SCOTUS Tenth Anniversary: Myriad at 10

This week, we are celebrating the tenth anniversary of the Supreme Court’s decision, Association of Molecular Pathology versus Myriad Genetics (“Myriad") that overturned the validity of gene patents. The case was successful, because of some remarkable contingencies, first the conceptualization by ACLU lawyer Chris Hansen and his advisor Tania Simoncelli and second the selection of Robert Sweet of the Southern District of New York as the presiding judge. Chris and Tania’s collective genius was to formulate that not only was this a case about nature product law (“Can’t patent a product of Nature”), but also that it was a case about free speech, our most favorite right (“Keep your hands off my genes”). Judge Sweet, a very experienced jurist, decided that the case had merit and that one plaintiff should have standing to see the case through. My standing was based on my receiving a cease and desist letter that took hours for me to find and on my stating in my deposition that I would initiate testing for the BRCA1 and 2 genes in my laboratory at New York University Medical Center should the patents be lifted. What was most surprising about Judge Sweet’s decision was how expertly it was drafted with clear insight into the details of genetic testing. The draftsman was Herman Yue, a lawyer who had received his Ph.D. in molecular genetics at Berkeley prior to going to law school and becoming Judge Sweet’s clerk. In 2011, I saw Judge Sweet again, this time at a symposium about gene patenting sponsored by the American Society of Human Genetics. When he asked me about his opinion, I replied, “Well, I like it just fine, Your Honor.”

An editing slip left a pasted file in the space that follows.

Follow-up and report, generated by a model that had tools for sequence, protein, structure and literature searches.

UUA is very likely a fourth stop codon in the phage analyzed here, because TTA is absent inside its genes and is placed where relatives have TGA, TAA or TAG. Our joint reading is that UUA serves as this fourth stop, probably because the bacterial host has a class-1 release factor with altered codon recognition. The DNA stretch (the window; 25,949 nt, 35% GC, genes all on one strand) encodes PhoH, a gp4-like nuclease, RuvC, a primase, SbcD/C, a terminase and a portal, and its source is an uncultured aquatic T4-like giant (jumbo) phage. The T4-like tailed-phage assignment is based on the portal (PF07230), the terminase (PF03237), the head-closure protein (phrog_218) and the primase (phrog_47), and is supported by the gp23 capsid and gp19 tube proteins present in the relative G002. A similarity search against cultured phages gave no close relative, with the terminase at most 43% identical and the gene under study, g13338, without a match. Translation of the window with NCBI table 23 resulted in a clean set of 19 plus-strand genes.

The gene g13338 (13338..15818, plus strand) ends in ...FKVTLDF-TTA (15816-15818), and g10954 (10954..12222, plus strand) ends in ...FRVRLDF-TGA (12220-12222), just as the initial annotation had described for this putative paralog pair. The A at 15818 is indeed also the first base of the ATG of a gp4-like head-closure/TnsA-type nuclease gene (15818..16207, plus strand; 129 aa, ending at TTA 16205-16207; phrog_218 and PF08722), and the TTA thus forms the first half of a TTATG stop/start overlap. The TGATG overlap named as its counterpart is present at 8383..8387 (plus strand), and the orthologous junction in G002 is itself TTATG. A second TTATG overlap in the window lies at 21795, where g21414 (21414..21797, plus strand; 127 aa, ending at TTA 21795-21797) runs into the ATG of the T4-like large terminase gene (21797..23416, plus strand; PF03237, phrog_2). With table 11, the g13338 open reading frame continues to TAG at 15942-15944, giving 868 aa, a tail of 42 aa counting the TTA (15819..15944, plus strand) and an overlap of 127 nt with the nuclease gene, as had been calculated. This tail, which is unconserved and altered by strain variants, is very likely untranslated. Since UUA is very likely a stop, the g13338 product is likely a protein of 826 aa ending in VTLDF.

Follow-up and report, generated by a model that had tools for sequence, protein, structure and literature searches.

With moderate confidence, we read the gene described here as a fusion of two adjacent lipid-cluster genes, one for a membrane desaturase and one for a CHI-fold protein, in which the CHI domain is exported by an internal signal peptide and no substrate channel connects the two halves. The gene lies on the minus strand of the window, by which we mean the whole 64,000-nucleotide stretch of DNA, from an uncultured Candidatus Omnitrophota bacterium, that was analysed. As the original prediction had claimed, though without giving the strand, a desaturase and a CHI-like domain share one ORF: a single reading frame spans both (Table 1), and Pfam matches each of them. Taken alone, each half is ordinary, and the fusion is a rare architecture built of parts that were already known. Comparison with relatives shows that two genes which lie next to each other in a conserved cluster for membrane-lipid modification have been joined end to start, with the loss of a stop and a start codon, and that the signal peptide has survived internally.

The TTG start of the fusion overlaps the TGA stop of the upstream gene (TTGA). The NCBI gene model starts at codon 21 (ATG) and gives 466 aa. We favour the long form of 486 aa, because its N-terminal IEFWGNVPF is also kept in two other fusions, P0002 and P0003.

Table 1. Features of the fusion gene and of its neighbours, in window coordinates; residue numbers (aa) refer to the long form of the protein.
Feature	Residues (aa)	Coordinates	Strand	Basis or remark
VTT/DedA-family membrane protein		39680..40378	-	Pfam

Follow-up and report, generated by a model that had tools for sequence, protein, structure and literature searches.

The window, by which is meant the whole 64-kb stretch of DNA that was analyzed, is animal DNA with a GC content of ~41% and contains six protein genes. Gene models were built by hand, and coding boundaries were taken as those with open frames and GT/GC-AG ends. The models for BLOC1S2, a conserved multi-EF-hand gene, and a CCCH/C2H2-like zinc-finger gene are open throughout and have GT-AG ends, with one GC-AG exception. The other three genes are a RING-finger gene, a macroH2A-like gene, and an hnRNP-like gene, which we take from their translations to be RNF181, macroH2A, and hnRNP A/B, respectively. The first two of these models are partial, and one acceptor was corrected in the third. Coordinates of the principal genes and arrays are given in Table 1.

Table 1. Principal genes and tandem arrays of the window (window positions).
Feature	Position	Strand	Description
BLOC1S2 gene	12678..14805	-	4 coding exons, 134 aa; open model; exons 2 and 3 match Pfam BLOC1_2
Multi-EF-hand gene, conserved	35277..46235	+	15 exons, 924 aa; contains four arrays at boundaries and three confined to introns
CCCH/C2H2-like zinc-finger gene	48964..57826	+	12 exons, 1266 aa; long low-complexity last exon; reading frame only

But we still had 2 years to go with two trips to the appellate court and other Supreme Court rulings about patents before our case prevailed. When it occurred, their decision was transformative Without the barrier of gene patents, several laboratories started the very next day to offer gene panel testing for breast and ovarian cancer risks. Other gene panels readily followed and the notion of sequencing our genomes to learn about our undiagnosed disease, genetic predispositions, and potential responses to therapy became a reality without the threat of cease and desist letters. Sometimes contingencies line up in favorable ways. As I told Chris and Tania early on, the lawsuit was either foolhardy or wise.


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